its all about pushkar..
"WALK AND TALK"
Pushkar steals your heart away. It is colorful and bright. It has all the necessary ingredients to lure a tourist. Still the memories of this place are short-lived. A walking tour will ensure that you will love to ‘Re-live Pushkar’ in your future life.
"Walks in and around Pushkar"
It's nice to stroll around in the streets of Pushkar, looking at temples, bying some clothes or souveniers and relax at Ghats of Pushkar.
But you can also do some hiking to the nearest hills.
The most popular is the one hour hike up Ratnagiri Hill to Savitri Temple.
Or you can just have a nice view of the hills from one of the roof-tops.
"Evening prayers and feed the pigeons at the ghats"
You could join one of the daily evening prayers on the ghats. Everyone is welcome here.
Varaah Ghat: At around 6:45pm. Less people there. It has a corner view of the pond.
Gau Ghat: At around 6pm. Bit more people. Center view of the pond.
In the day at Varaah ghat pay Rs10 to a little stall on the steps and get a plate of grain that you can toss to the pungry pungry pigeons. Pery fun. :)
"Panch Kund Shiv Temple"
it is said to be built by the Pandav Brothers, so the idol and five water reservoirs are around 5, 000 years old. It is said taking a bath in it will immune you from the poison of snake bites.
It is 2.5km from the pond..
"WALK AROUND THE LAKE"
The lake is considered a Holy Place and the locals believe it has been there since the earth was created. There are over 50 Ghats surrounding the lake from where the pilgrims will take a bath, particularly in the month of Karthik. There are many buildings around the lake preventing easy access. Don't forget that smoking, alcohol and meat eating are banned here so be careful not to upset the locals. Dress respectfully and don't wear sleeveless tank tops , best not to wear short too (especially women).
Mustache Competition at the Pushkar Camel Fair...!
The mustache has been on the decline in India, traditionally one of its boom markets, in recent years as women have begun to prefer their men with clean-shaven upper lips and Bollywood hunks have sported stubble rather than handlebar mustaches.
But the mustache competition at the Pushkar Camel Fair is one of the most popular events at the annual festival in Rajasthan, signalling perhaps that the mustache is fighting back.
Having a full-bodied mustache has long been a symbol of virility and masculinity for Indian men. It was also once an indicator of caste status: the way a mustache was trained (a term used by the Handlebar Club ) to grow — upwards, downwards or across — was a visual sign of a person’s position in society,
Time table of Pushkar Fair 2015-2016 (14th nov to 25th nov)
14 November Groups of camels, herders, horses and traders begin to appear from out of the desert and set up camp in the dunes around Pushkar. For some, the journey may have taken up to three weeks.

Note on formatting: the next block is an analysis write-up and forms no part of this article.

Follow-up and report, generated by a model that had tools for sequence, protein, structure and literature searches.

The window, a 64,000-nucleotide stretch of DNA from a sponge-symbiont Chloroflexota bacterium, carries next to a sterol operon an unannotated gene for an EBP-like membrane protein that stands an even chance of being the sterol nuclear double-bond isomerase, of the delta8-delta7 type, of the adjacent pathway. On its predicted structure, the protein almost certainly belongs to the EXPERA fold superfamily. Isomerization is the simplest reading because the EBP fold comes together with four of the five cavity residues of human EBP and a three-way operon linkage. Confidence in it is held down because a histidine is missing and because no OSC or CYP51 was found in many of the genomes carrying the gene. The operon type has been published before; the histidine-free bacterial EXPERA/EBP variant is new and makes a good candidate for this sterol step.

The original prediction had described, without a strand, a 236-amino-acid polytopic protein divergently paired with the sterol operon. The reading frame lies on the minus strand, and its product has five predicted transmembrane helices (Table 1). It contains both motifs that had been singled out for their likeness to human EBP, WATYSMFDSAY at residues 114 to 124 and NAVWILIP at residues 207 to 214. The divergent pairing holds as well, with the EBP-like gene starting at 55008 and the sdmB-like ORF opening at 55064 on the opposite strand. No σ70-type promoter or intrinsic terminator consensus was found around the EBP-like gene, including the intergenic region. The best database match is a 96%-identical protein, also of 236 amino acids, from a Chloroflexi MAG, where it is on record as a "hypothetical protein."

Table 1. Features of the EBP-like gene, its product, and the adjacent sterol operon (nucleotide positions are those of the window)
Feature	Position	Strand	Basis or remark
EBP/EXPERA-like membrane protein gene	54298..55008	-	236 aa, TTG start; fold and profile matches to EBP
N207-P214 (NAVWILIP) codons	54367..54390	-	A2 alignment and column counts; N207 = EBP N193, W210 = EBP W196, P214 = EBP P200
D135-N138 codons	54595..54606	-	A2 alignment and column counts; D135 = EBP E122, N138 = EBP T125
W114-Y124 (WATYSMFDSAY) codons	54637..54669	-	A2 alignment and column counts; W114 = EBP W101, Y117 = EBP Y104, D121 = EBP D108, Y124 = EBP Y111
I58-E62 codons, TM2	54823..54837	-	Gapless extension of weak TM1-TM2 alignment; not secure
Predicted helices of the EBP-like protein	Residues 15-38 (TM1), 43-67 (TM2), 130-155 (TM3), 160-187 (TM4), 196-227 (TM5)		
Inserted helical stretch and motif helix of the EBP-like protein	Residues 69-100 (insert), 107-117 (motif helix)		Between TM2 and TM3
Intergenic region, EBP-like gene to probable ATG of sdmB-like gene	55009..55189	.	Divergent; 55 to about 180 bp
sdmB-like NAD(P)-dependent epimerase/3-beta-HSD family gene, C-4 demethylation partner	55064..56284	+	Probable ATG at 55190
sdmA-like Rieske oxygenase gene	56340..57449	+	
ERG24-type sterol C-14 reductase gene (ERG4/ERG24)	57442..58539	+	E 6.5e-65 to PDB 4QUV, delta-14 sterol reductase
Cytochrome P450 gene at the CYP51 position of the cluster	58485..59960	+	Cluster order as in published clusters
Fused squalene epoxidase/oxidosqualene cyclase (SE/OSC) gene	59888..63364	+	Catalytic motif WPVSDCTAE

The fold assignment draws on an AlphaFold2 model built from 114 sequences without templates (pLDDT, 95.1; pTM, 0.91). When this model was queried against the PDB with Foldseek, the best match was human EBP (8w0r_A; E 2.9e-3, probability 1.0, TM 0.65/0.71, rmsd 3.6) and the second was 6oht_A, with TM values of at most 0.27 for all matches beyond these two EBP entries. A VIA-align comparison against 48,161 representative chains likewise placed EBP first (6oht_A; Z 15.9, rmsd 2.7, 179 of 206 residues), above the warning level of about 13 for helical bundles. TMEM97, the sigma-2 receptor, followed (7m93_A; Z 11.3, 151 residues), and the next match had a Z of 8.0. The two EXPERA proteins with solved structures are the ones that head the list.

15 November Many more camels, nomads, herders, horses, farmers and traders are arriving. Some groups walk to the fair. Others arrive with camel or bullock carts or come by truck. The gathering is rapidly growing to immense proportions. This is the best time for photography and the time when you may move around and observe the scene most freely.
16 November Arrivals continue. The numbers of horses is increasingly rapidly. Camels are being inspected and thoroughbred Merwari horses put through their paces for purchasers. Trading is already taking place, although a deal may take several days to conclude as vendors hold out for the best price.
17 November On the dunes, the gathering of camels is reaching maximum size. There are lively discussions as groups of vendors and purchasers meet around their animals and negotiators help to arrange deals. The best prices are achieved in a year when the monsoon has been good.
18 November By now the tented bazaars are a hive of activity and the fairground is being set up. The scene on the dunes is at its most crowded.
19 November More and more people are arriving.The fair is traditionally a great meeting place where even marriages may be arranged. In the stadium the Official Program of camel races, displays and competitions begins.
20 November The scene on the dunes is increasingly busy and chaotic, with camel cart rides, itinerant musicians and vendors. Around the stadium there are cultural activities, competitions and bazaars. Camels and traders will begin to disappear back into the desert as the week progresses and their business is concluded.
21 November – Pushkar Fair The town, temples and bazaars are becoming more crowded. The colourful fairground attracts huge crowds with stalls, street vendors, sideshows and ferris wheels. Stadium events continue.
21 November – where thousands of camels, cattle and sheep along with farmers and villagers from all over the Hadoti region congregate for a traditional fair and full moon religious celebrations.
22 November – Pushkar Fair Great numbers of colourfully-dressed villagers are arriving from all over the region to bathe in the holy lake. The fairground is going full swing. A craft fair is set up with handicraft stalls.